The best 'second wines' of the great estates - Spear's Magazine

The best ‘second wines’ of the great estates

The best ‘second wines’ of the great estates

The ‘second wines’ of the great estates offer oenophiles investment opportunities with immediate dividends, writes Jonathan Ray

If money were no object, I’m sure we’d all drink the finest wines we could lay our mucky little mitts on. Reality being what it is, though, most of the world’s greatest wines – you know, the Yquems, the Lafites, the Cheval Blancs, the DRCs, the Ornellaias, the Granges and the Screaming Eagles – are out of the range of most of us.

All is not lost, though, and wine lovers can take comfort in the rise of the so-called ‘second wine’. There was a time when the release of a second label was simply a means to offload a few cases of wine made with dodgy fruit that didn’t pass muster for the grand vin.

Today, however, the second and even third wines of great estates are produced from expertly managed estate fruit, by the very same winemaking teams and with all the same care and attention.

These wines are made to be enjoyed young, and as Christian Seely of Château Pichon Baron, producer of one of the best-value of all second wines, often says, they boast high quality and accessibility both in terms of price and readiness to drink. At the top end, second wines such as Carruades de Lafi te, Les Forts de Latour, Pavillon Rouge du Château Margaux and Alter Ego de Palmer are almost as sought after as their elder siblings – and almost as pricey, too.

At the lower end, wines such as the ‘defrocked’ clarets, as pioneered by online wine merchant FromVineyardsDirect, are within reach of most of us. These come from some of the finest estates in all Bordeaux, where, in some years, certain grapes grow more plentifully than others and there is a bit too much Merlot, say, than is needed for the estates’ grands vins.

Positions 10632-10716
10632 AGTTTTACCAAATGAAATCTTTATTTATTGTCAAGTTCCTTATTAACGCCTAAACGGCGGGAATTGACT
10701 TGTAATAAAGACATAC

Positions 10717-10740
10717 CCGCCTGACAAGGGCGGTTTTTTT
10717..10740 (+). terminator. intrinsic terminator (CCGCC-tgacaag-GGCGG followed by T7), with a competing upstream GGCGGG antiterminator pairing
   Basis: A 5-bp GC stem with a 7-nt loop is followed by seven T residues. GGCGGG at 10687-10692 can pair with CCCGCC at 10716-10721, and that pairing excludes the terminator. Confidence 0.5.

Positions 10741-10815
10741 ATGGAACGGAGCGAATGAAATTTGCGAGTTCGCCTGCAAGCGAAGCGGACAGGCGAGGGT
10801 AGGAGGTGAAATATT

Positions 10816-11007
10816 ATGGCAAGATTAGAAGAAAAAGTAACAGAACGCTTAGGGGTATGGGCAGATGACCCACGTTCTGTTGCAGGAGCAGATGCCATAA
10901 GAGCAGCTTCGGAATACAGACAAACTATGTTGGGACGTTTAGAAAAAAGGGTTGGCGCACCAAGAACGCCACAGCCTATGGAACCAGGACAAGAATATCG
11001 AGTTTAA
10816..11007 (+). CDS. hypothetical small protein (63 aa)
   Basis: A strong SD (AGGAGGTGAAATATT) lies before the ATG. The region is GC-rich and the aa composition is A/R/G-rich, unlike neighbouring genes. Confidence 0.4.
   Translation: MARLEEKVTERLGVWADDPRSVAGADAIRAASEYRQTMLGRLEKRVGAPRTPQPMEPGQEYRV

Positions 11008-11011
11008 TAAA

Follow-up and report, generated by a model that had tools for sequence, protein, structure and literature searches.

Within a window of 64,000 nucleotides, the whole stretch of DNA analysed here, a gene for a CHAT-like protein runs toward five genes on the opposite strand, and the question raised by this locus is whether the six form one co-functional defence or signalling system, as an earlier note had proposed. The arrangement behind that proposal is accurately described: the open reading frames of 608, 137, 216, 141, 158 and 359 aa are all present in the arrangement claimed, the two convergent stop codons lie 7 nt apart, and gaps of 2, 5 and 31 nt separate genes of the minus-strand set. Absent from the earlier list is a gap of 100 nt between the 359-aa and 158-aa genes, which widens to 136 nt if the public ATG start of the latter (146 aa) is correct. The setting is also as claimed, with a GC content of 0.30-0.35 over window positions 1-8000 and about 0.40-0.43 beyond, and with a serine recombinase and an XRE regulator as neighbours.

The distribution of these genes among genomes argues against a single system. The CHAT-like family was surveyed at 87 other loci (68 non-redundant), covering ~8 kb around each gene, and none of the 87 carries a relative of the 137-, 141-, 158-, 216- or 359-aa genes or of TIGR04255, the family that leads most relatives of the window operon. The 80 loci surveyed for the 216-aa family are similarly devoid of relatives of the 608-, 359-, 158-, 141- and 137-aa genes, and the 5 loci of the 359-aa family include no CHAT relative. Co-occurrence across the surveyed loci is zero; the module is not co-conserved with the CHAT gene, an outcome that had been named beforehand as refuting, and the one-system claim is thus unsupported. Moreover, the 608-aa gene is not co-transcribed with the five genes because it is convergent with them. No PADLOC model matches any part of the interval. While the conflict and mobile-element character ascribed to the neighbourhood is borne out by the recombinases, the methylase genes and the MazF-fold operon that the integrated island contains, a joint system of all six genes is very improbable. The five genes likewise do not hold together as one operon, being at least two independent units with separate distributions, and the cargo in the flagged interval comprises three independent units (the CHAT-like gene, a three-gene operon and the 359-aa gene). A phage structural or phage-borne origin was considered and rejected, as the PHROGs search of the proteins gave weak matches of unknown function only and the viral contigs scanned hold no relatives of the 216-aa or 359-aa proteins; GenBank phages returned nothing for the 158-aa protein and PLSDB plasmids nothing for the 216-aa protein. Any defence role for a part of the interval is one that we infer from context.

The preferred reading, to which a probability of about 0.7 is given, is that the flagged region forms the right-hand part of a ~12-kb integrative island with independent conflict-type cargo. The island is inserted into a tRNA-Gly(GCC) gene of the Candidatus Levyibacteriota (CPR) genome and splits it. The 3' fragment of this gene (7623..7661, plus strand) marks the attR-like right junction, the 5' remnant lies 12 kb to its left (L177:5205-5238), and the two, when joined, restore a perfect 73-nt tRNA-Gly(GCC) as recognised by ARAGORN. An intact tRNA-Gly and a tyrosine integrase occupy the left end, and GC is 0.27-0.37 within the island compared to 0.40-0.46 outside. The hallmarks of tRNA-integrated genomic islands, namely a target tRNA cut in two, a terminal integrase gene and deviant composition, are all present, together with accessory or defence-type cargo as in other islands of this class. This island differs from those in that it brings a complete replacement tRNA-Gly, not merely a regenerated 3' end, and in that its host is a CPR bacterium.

This excess will be sold discreetly to favoured restaurants or canny merchants such as FVD. The only caveat is that they can’t name the châteaux from whence these wines come, although they can hint. So it is that you can pick up a charming, fruit-forward claret from that lauded and fêted icon that entrances (go on, have a think) for little more than twenty quid.

Sometimes a great wine is not only too expensive (why not just sell it and go on holiday?) but also just too brow-furrowingly complex to enjoy.

A second wine has exactly the same know-how behind it, is ready to drink much younger and should be considerably cheaper. Crucially, it will have just enough stardust to put a spring in your step and a smile on your face.

Three of the best second wines of great estates

2014 Les Tourelles de Longueville (£48; Haynes Hanson & Clark)

The second wine of Château Pichon Baron – the legendary Second Growth of Pauillac – is invariably a delight. The grand vin is predominantly Cabernet Sauvignon, whereas this is led by Merlot, resulting in a wine of seductive approachability and charm. It’s certainly fine enough to be judged on its own merits rather than those of its more famous sibling.

2017 Penfolds Bin 389 Cabernet Shiraz (£61; Frazier’s)

Originally produced in 1960 by the great Max Schubert, this beautifully balanced blend of Cabernet Sauvignon and Shiraz takes some of the excess fruit from Penfolds’ mighty Grange and is aged in casks used to mature Grange’s previous vintage. Little wonder it’s often known as ‘Baby Grange’ and is the most highly collected wine in Australia.

 

2013 Errázuriz Don Maximiano Founder’s Reserve (£54.50; Waitrose)

If, like me, you’re a complete sucker for Seña, Chile’s first and – arguably – still fi nest icon wine, then you will love this cannily crafted Cabernet Sauvignon-based blend from the same winery and cellars in the Aconcagua Valley. Rich, deep, dark, profound and concentrated, it shares Seña’s impeccable pedigree but comes at a third of the price.

Image: “Tasting the Wine”, 19th century English School, Wikimedia Commons

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